Due to a very large consumer base of Punjabis, Punjabi is being embraced not only by various government agencies but also by the corporate sector. It is great to see signs like “We Speak Punjabi” at various hospitals, city halls, public places, businesses and agencies. Our Vancouver International Airport has the unique distinction of having Punjabi signage and providing services in Punjabi . Insurance Corporation of BC’s recently instituted claim service in Punjabi and OMNI TV’s national hockey broadcast in Punjabi are great developments. PLEA has approached a number of airlines to provide services in Punjabi on their flights from Vancouver,Calgary,Edmonton and Toronto. Hopefully, if enough Punjabi passengers advocate such services the airlines might be able to oblige. Similarly, PLEA is very pleased about increasing signage in Punjabi by the business community.
PLEA was very pleased to have a large number of well-wishers of Punjabi join it for the celebration. Surrey Newton MLA Harry Bains has been one of our strongest supporters . He took the time out of his busy schedule to bring greetings, congratulate PLEA and offer his continued support. Similarly, newly elected member of the Surrey Board of Education , Gurpreet (Garry )Thind assured PLEA of his on-going commitment to promoting Punjabi in the Surrey School District. Students of Punjabi classes , Aionroop Kaur,Navdeep Kooner,Biantveer Dhillon and Mohjeet Chhina, thrilled the packed hall with their beautiful Punjabi poems and songs. OMNI TV’s veteran reporter/anchor Dilbar Kang emphasized the job opportunities in Canada in general and Metro Vancouver in particular for individuals well versed in Punjabi. He stated that at OMNI TV alone there are close to ten journalists who are working there as a result of their command of the Punjabi language as well as their abilities in journalism.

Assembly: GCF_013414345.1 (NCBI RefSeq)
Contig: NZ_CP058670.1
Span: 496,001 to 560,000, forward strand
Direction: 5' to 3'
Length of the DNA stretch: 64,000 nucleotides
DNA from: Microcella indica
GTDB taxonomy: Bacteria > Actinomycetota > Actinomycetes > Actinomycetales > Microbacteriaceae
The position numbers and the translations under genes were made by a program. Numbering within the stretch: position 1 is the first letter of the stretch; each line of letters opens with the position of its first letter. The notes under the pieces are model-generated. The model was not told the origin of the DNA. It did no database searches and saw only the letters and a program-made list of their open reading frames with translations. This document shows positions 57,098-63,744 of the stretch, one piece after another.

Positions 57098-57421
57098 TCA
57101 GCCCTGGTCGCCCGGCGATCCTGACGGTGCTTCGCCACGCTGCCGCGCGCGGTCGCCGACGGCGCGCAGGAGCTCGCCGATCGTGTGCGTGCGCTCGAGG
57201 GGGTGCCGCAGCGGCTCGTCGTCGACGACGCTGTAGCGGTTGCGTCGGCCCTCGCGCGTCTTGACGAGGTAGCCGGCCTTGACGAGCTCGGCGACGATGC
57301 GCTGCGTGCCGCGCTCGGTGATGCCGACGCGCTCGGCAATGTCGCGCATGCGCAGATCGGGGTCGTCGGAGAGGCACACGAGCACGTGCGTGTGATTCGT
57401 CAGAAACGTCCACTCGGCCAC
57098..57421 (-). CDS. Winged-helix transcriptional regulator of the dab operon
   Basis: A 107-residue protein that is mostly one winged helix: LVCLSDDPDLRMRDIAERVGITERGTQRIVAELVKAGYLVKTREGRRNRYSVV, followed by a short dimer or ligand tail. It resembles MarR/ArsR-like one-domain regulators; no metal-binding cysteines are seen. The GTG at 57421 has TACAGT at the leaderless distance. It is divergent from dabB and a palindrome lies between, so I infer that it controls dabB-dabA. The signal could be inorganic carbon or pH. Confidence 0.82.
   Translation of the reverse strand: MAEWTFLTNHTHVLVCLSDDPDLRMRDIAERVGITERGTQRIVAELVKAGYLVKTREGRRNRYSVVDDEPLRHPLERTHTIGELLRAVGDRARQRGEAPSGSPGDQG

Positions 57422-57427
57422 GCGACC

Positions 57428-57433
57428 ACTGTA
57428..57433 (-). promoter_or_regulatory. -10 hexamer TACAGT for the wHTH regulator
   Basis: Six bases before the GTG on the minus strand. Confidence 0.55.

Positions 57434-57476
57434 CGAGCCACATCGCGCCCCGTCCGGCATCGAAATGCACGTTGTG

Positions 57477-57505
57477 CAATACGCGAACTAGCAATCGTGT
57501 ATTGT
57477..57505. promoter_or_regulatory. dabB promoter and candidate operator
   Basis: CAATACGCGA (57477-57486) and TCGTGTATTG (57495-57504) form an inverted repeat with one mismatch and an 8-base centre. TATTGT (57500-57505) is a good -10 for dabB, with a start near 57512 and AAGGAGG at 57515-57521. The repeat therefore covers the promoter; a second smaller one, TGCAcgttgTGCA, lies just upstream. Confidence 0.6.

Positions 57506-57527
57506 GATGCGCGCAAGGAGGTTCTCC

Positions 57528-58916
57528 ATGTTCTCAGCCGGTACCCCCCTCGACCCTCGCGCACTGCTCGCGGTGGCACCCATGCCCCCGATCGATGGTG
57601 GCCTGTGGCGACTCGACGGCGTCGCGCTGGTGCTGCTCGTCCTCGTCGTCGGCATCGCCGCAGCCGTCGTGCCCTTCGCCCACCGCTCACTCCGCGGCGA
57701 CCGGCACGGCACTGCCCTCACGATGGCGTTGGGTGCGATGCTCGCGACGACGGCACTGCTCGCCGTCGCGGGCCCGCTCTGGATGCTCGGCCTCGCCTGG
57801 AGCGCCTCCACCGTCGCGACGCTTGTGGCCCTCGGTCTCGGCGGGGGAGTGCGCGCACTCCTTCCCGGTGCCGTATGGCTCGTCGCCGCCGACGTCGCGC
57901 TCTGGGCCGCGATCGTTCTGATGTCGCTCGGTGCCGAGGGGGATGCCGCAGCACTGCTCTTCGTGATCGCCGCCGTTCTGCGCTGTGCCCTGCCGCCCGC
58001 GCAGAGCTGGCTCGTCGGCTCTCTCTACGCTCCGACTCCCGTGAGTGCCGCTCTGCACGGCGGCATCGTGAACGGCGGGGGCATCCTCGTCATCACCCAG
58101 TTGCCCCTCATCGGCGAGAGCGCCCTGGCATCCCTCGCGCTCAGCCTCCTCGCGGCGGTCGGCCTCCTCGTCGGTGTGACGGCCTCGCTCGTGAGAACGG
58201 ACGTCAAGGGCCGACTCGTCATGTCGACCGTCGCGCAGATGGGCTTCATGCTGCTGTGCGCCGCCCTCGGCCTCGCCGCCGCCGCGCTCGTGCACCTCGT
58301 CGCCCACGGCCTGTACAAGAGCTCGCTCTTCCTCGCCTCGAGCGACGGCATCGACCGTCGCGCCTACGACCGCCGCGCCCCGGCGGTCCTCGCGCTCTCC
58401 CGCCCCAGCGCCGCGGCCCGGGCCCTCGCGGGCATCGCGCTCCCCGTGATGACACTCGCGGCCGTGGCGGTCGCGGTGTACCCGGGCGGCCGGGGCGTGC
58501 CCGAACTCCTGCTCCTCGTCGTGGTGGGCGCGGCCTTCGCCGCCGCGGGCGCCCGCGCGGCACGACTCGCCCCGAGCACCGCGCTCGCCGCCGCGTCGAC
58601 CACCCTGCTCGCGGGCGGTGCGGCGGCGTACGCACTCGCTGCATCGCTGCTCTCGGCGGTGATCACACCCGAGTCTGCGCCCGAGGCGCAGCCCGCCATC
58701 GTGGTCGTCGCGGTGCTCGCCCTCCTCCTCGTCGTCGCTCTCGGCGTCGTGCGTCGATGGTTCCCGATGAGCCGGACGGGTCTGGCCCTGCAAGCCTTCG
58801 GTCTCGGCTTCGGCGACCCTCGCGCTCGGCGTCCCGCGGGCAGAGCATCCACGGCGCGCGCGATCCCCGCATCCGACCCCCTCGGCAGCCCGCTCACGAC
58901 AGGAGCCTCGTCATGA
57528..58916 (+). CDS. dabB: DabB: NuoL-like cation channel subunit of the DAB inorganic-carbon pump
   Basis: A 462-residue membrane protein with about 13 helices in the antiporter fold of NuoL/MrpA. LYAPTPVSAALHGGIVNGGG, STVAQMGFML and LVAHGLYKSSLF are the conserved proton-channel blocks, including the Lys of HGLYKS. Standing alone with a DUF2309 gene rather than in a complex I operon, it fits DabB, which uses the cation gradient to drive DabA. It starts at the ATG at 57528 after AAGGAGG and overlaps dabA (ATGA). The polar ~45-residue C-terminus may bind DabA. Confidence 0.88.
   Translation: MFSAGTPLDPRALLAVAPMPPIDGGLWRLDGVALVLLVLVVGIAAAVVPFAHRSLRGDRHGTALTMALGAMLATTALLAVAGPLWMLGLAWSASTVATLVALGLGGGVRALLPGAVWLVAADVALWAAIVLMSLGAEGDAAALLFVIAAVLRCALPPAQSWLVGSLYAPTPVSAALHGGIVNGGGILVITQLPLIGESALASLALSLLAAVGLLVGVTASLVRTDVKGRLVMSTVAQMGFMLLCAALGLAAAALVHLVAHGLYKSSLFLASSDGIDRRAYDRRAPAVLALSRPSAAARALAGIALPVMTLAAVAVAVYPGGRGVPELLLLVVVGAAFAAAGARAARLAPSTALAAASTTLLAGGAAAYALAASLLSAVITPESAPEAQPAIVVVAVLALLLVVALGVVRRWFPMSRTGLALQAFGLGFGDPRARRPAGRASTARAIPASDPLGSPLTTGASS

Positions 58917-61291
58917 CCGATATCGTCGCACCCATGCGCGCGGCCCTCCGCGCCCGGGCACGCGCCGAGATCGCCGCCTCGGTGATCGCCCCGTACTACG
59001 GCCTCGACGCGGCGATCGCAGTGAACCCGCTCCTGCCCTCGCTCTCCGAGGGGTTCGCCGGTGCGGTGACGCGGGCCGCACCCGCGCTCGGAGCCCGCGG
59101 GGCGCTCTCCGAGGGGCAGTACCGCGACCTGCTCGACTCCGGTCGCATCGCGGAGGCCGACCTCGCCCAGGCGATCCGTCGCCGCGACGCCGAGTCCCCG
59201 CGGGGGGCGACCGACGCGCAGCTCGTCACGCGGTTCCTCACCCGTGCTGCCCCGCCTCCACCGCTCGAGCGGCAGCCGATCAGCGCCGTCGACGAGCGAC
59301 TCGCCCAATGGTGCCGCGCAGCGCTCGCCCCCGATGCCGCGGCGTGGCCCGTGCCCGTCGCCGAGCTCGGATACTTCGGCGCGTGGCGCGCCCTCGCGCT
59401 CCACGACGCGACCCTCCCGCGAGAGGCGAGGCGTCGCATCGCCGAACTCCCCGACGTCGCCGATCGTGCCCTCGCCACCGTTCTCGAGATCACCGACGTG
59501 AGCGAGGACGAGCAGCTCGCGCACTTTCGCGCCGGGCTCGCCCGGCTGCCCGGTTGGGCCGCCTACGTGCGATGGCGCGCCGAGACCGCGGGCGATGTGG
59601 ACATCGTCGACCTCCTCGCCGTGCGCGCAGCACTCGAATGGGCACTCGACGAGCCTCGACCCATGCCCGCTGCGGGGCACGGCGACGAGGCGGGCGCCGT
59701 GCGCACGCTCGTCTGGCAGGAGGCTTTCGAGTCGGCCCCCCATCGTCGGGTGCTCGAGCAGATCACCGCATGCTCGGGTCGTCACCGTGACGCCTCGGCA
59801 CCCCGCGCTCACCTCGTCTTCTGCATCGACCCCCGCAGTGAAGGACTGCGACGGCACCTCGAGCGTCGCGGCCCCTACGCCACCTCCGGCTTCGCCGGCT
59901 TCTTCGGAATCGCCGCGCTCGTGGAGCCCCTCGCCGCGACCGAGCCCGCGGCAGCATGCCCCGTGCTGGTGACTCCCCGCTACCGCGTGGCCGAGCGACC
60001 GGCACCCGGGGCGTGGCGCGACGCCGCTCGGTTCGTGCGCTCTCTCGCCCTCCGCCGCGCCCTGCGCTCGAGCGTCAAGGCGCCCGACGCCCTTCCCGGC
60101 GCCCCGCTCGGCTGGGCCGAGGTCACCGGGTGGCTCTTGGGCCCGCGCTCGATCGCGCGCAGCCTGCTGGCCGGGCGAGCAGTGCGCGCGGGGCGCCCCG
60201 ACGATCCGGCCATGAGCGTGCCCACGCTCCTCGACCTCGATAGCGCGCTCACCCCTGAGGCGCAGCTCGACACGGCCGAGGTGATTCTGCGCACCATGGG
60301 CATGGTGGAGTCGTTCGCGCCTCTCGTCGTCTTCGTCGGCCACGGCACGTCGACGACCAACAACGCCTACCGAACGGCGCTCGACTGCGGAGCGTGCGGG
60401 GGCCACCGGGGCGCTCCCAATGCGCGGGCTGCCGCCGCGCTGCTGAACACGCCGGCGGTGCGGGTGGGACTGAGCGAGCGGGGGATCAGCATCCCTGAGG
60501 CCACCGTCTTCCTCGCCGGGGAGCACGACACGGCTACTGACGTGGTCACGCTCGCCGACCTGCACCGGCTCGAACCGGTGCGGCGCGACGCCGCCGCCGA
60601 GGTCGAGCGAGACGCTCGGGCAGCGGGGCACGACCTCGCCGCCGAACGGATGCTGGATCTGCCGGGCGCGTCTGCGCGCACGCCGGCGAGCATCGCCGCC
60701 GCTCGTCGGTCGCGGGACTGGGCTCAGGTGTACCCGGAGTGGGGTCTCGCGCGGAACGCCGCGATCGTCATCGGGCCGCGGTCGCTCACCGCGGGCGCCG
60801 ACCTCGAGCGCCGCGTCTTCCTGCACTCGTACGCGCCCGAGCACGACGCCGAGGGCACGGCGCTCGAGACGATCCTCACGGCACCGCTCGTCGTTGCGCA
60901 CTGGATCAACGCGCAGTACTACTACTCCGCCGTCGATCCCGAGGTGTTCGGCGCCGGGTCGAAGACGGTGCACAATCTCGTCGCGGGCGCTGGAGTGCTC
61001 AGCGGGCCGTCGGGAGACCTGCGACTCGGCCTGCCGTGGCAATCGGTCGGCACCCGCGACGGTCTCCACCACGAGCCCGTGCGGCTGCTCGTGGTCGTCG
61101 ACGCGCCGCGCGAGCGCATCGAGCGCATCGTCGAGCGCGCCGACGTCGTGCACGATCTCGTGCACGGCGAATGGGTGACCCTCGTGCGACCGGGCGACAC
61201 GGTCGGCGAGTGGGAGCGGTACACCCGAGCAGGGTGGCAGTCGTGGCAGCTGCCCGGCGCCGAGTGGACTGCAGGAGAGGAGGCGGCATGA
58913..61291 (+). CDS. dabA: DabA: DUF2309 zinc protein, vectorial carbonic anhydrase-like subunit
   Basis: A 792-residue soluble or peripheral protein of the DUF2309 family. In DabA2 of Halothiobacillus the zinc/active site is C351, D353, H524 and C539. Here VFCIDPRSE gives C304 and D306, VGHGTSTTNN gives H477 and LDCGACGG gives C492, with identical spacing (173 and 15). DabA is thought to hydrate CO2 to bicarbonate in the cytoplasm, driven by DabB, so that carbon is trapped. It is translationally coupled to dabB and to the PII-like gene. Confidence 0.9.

Sadhu Binning briefly described the provincial language policy, its strengths and shortcomings. He was joined by three Surrey teachers-Gurpreet Kaur Bains (LA Matheson) , Amandeep Kaur Chhina(Princess Margaret) and Harmohanjit Singh Pandher(Beaver Creek)to comment on the policy and offer suggestions for improvement. All of them did an excellent job in emphasizing the importance of Punjabi and challenges facing them in schools. They were very optimistic about the future of Punjabi and made a number of very valuable suggestions to promote it.
The formal presentations were followed by a question and answer session. A number of prominent members of the community made excellent suggestions for PLEA and the community. The speakers included poet Mohinderdeep Singh Grewal, Balwinder Singh Chahal, Sukhwant Hundal, Col Hajit Singh Bassi, Brigadier Nasseb Singh Heer, Raj Gill, Barjinder Dhillon and many others.
On behalf of PLEA I would like to express my sincere thanks and appreciation to the Deepak Binning Foundation for its continued support. This year, Khalsa Credit Union(KCU) has also been kind enough to make a substantial financial contribution for this celebration. I would like to offer my thanks to the KCU Board and management for its support. Of course, we are always very thankful to the South Asian media –both electronic and print –for its continued support. All of the Punjabi newspapers as well the community’s English newspapers, have been very generous in conveying PLEA‘s message to the community. Our TV outlets including OMNI Punjabi, Des Pardes, Sur Sagar TV and many others have been very kind in their on-going support. Our radio stations have also done a marvelous job in conveying PLEA’s message to our community. For this we are very thankful to all of them including Radio Red FM 93.1, Mediawaves 1600 AM, Radio KRPI 1550AM, Spice Radio 1200 AM,Sur Sagar Radio Gurbani Channel 91.5 FM , My FM 106.9FM and many others.